In my last poll, I gave a few options as far as what I should have done in that edition. The early leader was an eliminator poll. I may still do that, but the winner of the contest would be gone by the third pick, so we'd not have a shot at him. The poll winner was one that I am horribly unqualified to talk about. In fact, if any of Theo's superscouts know how to evaluate how well a player will develop regarding off-speed stuff, don't explain it here. I'd much prefer you scan video of a game involving a player you are assigned to and give our higher-ups a proper projection on him.
If any of the regulars have any thoughts on the topic, though, let us know. That said, our scouts haven't done this very well very often.Nonetheless, I will let you play scout today. Watching a bit of a college game, I saw an intriguing player. He is a leadoff man that represents the part. A recent stat check indicated 28 walks, and only 8 strikeouts. His slashline at first printing was .348/.464/.848. He has yet to homer in his three years in college. This season, he is 7-7 on the bases.
What you're looking at is a professional hitter with no power, and decent speed. He has started in all three outfield spots. Realistically, he doesn't represent a big leaguer. He certainly looks like a better player now than some of the guys in the system. They have better upside, he could show better plate discipline, which may be picked up by osmosis.
The player in question is Tanner Mathis from Ole Miss, and I see three entirely valid perspectives on Mathis. One is, don't draft him, as he'll never make the bigs. I tend away from this. While I agree with the prognosis, he could represent a pinch hitter/5th outfielder type. While you may foresee the Cubs not needing a player like that in the near future (by 2016), he could be Nate McLouth minus any HR power. That could make for trade bait at some point.
The second is grab him, but not too early. Taking a guy in the 12th-20th round that can be a coach-on-the-field type and provide quality at bats won't hurt anything. He seems to be coachable, and I'm assuming he'd be a decent clubhouse guy. There will be guys taken way before that that do far less in the minors.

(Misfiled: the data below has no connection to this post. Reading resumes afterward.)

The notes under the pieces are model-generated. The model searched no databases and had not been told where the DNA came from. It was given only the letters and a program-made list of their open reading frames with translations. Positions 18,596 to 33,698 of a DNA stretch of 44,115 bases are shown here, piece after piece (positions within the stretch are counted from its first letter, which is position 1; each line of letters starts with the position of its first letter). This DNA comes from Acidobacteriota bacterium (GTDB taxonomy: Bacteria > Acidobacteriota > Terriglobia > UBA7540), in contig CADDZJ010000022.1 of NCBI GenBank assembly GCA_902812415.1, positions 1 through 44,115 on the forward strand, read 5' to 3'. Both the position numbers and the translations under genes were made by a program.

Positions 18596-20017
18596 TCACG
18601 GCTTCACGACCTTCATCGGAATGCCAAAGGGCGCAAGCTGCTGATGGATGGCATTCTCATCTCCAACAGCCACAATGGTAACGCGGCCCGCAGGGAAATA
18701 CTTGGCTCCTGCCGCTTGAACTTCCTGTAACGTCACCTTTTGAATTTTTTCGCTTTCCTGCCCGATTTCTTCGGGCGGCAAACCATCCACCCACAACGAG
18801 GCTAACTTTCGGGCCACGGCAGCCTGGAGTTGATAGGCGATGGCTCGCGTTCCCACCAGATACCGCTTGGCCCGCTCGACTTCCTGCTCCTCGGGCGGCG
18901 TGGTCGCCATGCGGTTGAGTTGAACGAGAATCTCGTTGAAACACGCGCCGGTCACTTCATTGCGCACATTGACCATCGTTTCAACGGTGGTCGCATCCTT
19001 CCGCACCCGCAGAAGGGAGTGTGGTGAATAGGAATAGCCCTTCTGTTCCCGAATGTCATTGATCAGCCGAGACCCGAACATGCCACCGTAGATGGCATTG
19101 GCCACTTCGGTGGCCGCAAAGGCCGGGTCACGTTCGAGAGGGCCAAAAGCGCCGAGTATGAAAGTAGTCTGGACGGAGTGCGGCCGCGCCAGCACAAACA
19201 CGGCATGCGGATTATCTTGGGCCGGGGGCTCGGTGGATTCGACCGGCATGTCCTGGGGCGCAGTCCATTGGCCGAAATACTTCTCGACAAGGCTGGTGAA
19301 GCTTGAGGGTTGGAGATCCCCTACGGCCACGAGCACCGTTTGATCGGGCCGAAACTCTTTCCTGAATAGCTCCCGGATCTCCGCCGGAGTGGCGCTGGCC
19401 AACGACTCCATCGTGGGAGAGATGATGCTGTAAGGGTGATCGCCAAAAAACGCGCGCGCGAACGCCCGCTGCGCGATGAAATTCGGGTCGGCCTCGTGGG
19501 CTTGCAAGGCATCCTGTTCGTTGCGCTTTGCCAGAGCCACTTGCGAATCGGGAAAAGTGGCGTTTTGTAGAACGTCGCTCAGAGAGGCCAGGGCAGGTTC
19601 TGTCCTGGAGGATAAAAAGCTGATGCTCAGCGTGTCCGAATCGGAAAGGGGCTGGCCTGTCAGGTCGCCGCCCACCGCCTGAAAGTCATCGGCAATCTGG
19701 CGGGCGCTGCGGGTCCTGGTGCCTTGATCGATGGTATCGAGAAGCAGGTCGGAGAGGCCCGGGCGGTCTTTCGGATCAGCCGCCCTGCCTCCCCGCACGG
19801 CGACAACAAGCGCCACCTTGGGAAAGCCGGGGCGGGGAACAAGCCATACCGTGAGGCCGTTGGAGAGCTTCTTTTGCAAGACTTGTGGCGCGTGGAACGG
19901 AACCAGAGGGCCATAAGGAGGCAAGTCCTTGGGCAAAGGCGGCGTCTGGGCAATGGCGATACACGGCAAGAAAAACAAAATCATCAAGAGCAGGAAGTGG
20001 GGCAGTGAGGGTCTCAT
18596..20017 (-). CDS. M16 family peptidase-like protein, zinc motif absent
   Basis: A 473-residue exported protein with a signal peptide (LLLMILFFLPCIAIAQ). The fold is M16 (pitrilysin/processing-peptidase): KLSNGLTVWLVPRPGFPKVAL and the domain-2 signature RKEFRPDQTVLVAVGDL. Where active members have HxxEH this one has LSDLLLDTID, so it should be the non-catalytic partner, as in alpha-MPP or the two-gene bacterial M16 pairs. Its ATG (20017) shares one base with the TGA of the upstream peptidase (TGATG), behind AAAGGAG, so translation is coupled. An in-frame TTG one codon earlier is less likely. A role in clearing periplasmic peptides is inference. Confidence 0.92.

The third option kicks in this year. If, as a scout, you give thumbs up on his character, here is Plan C. Ask him about his signability. He doesn't represent anything major as far as a big time prospect. He'll probably never see AAA. But, if he's a decent little ballplayer with proper 'makeup' (scout speak for character/integrity', should you offer Mathis 10th round money for a seventh round selection? All teams are going to be cap-conscious and Mathis wouldn't embarrass as a 7th Round Pick. Limited upside, but if you could get him 'at a discount', you could spend extra on the other picks.
As far as who the Cubs might reach for at 6 (meaning, anyone off of my traditional, rather unchanging list of Appel/Buxton/Correa/Gausman/Giolito/Zimmer/Zunino, two names loom. Max Fried is a teammate of Lucas Giolito. His numbers will be deceiving (if you see them), because he was pounded three days after Giolito was injured. Very understandable. A lefty with low/mid 90's heat, I don't remember his secondary stuff. He is impressive, and I'm guessing Theo might want a spycam at all of his starts.
The second is Michael Wacha from Texas A&M. Unless Theo is blown away by a high schooler, I think he will want a college guy with 1.6. Not only could he get a college junior for little above slot (due to a lack of player leverage), thereby saving money for later buys, he could use a starting pitcher in the pipeline. Soon. He would probably be to AA by late 2013, and has the requisite mid-90's stuff and proper secondary offerings. At least one scout thinks he would be an abject waste, and needs to permanently shelve his curve. In other words, I'd prefer to not reach for him
I'm putting together a list of 70 guys that I'd be comfy with through 2.6. More on that later.